Czech design and engineering company Evektor is planning to develop an amphibious variant of the EV-55 Outback once the standard version of the twin-engined turboprop has entered service.
“There is a big market for an amphibious aircraft in the 9-14-seat cabin class – there is nothing else like it around,” says Evektor deputy director Petr Sterba. “We have already drawn up basic designs and are now looking at a companies who will supply the floats,” he adds.
Sterba says Evektor is not in a hurry to bring this design to market. “We are concentrating on the classic-configured EV-55 first but would like to launch the amphibian a year after its certification, which is planned by the end of 2016,” he says.
Evektor is confident that its high-wing EV-55 will cross the finishing line within this timeframe now it has financial backing of Malaysian company Aspirasi Pertiwi. The Kuala Lumpur-based firm is investing $200 million in the Evektor group over the next decade in exchange for an undisclosed share of the company.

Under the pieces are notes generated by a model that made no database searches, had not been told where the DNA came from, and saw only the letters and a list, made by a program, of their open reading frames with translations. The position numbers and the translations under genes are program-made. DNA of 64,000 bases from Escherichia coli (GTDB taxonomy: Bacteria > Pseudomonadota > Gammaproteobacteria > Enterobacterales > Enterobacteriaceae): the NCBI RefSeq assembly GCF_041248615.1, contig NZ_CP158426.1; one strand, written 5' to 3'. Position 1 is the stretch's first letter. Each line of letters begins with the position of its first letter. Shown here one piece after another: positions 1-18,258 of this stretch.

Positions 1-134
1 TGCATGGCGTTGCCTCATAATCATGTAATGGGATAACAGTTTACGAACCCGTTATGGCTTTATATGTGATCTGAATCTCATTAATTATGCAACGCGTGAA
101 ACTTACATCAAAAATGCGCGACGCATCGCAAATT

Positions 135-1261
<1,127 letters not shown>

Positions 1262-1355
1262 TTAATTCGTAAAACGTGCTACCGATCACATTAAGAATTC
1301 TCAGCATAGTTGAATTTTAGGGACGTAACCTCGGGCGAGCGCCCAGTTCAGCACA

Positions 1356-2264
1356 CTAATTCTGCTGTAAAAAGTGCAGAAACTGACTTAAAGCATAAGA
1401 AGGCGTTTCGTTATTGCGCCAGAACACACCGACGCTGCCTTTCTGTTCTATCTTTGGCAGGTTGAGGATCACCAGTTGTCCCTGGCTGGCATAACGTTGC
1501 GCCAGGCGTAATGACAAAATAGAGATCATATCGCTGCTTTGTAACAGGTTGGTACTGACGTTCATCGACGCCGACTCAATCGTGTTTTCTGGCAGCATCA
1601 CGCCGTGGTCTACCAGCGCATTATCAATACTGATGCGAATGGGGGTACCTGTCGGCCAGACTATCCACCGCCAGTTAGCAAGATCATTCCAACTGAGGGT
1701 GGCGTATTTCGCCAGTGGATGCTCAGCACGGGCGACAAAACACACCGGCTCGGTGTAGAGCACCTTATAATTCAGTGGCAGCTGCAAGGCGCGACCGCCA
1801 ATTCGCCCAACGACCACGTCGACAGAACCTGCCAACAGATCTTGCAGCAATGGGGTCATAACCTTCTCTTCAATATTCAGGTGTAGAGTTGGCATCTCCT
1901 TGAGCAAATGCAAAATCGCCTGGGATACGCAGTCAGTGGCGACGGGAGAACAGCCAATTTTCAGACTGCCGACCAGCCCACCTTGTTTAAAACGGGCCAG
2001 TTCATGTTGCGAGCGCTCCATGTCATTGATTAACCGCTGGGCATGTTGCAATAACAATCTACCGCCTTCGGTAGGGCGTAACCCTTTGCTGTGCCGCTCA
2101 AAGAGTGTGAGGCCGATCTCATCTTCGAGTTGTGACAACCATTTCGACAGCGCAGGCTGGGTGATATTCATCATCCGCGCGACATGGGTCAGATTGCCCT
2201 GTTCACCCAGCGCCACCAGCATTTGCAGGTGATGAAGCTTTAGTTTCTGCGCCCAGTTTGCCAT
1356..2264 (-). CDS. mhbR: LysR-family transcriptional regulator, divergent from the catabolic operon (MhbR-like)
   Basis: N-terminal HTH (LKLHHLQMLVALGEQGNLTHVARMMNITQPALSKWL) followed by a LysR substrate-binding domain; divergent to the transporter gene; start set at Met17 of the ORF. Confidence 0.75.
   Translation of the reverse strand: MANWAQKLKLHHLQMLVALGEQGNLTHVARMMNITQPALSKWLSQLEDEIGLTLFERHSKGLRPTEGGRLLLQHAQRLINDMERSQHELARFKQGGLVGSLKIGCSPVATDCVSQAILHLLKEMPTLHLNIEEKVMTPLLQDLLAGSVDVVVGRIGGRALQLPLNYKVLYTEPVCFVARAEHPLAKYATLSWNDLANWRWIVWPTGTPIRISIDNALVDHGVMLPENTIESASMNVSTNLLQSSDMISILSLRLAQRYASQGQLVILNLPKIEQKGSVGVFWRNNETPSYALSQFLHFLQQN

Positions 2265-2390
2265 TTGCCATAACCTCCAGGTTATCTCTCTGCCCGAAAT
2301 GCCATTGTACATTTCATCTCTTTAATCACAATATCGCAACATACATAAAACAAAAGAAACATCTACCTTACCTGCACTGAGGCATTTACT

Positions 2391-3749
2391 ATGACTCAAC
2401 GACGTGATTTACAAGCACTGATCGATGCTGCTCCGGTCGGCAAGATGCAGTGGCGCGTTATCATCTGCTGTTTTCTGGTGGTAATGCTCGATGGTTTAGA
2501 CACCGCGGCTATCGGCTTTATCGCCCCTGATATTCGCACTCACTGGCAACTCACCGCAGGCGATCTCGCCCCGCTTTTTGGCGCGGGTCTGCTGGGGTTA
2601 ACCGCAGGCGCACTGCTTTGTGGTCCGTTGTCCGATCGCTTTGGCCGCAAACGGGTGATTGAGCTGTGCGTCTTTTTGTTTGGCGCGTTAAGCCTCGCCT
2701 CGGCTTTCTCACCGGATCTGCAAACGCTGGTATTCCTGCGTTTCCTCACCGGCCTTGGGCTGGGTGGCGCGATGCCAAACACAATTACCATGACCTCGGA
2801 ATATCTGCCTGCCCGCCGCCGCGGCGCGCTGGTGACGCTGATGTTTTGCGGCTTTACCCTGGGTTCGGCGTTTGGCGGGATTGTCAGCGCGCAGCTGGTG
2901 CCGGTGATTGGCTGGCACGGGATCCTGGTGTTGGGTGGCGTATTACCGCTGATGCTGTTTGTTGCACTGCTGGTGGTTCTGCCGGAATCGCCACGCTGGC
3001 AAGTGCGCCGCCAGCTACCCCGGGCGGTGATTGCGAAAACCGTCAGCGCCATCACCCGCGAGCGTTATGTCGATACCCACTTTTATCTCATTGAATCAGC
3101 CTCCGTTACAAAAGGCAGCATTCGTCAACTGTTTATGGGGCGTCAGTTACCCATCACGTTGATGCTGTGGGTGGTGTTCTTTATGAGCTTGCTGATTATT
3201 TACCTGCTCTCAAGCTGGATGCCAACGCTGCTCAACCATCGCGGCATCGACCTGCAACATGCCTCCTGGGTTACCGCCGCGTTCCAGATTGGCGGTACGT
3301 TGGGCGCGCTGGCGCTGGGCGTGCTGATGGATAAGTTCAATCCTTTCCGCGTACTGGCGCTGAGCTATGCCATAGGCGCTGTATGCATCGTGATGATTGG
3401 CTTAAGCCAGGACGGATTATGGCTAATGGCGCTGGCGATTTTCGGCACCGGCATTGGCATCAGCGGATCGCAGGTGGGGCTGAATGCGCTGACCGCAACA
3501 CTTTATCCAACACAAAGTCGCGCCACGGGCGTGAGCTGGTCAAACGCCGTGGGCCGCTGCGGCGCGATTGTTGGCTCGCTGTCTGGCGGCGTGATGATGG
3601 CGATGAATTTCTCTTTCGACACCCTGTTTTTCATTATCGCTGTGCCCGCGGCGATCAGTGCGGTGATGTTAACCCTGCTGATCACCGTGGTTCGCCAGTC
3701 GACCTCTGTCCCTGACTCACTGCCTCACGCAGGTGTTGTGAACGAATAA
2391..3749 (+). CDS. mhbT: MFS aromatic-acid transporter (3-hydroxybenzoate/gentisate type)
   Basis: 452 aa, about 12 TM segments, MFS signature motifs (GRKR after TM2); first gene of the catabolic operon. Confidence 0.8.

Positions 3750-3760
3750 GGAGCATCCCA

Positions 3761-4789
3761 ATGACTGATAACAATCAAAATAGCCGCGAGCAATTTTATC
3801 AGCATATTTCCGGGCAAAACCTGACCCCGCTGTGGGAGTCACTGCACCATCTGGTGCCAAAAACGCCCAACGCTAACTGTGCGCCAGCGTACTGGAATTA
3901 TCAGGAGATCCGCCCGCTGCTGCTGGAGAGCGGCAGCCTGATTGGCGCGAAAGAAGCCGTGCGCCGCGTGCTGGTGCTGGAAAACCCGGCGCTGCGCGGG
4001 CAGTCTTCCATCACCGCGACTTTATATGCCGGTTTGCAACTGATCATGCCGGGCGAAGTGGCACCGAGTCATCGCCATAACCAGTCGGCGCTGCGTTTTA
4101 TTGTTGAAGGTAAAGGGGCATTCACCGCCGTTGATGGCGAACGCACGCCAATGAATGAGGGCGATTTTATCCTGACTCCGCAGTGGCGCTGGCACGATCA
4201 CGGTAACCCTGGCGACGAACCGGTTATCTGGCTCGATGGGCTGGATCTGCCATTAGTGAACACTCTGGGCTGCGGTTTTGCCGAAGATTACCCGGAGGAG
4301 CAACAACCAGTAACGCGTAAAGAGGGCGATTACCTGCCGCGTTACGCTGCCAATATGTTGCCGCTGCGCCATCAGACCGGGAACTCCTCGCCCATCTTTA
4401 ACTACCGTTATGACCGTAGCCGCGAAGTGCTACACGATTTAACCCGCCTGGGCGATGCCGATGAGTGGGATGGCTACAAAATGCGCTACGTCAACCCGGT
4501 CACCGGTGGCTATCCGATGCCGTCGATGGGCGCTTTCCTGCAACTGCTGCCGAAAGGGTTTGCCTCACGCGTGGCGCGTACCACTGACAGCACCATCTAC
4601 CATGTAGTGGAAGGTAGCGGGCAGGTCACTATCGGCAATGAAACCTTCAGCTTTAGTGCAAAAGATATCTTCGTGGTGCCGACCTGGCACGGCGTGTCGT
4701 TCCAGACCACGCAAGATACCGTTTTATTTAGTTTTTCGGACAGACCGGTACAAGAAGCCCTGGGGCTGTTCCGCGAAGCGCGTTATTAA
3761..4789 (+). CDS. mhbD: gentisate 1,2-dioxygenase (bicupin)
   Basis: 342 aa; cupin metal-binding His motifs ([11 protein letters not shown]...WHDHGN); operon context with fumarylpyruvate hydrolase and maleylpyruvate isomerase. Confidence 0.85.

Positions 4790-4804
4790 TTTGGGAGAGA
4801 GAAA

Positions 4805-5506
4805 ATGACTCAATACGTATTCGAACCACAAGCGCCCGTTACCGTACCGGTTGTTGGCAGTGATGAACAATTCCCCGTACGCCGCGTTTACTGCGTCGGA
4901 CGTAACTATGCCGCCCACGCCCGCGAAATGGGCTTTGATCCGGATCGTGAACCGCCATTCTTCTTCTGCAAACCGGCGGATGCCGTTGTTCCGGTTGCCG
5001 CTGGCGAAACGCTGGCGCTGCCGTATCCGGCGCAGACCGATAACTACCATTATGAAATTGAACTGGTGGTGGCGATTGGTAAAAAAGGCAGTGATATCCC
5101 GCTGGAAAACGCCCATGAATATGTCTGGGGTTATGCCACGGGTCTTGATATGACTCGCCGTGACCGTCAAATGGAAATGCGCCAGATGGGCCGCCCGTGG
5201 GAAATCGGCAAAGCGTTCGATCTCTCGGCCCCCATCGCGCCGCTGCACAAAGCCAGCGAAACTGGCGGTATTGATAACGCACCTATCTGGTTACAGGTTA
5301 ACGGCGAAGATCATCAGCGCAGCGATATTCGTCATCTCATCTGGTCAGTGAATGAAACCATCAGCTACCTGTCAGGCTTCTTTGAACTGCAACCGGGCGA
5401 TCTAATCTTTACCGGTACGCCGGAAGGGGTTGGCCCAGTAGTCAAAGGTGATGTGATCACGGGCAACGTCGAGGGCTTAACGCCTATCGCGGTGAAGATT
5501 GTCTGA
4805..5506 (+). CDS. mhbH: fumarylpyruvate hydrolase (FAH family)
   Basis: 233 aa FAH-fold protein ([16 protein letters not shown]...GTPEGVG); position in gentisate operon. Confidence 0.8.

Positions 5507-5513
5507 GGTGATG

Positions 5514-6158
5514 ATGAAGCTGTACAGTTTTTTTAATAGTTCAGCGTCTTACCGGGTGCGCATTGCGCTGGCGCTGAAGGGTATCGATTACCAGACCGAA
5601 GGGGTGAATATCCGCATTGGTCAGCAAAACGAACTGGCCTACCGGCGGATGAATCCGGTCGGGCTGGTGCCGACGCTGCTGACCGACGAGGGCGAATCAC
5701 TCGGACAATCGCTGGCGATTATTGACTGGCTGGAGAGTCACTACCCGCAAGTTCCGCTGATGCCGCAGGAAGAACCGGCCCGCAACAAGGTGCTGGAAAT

Around $50 million of the funding has been set aside to complete EV-55 certification. “So far, we have spent around $100 million on the programme [launched in 2005], which has been funded using company profits alongside a Czech government grant,” says Sterba.
Future investment priorities include building a production facility capable of making up to 50 of the Pratt & Whitney Canada PT6A-21-powered aircraft per year and establishing a sales and service centre network, he adds.
The first EV-55 prototype (MSN001) made its maiden sortie in 2011 and has logged 172h to date. The production-conforming aircraft is now being assembled in preparation for its first flight early next year.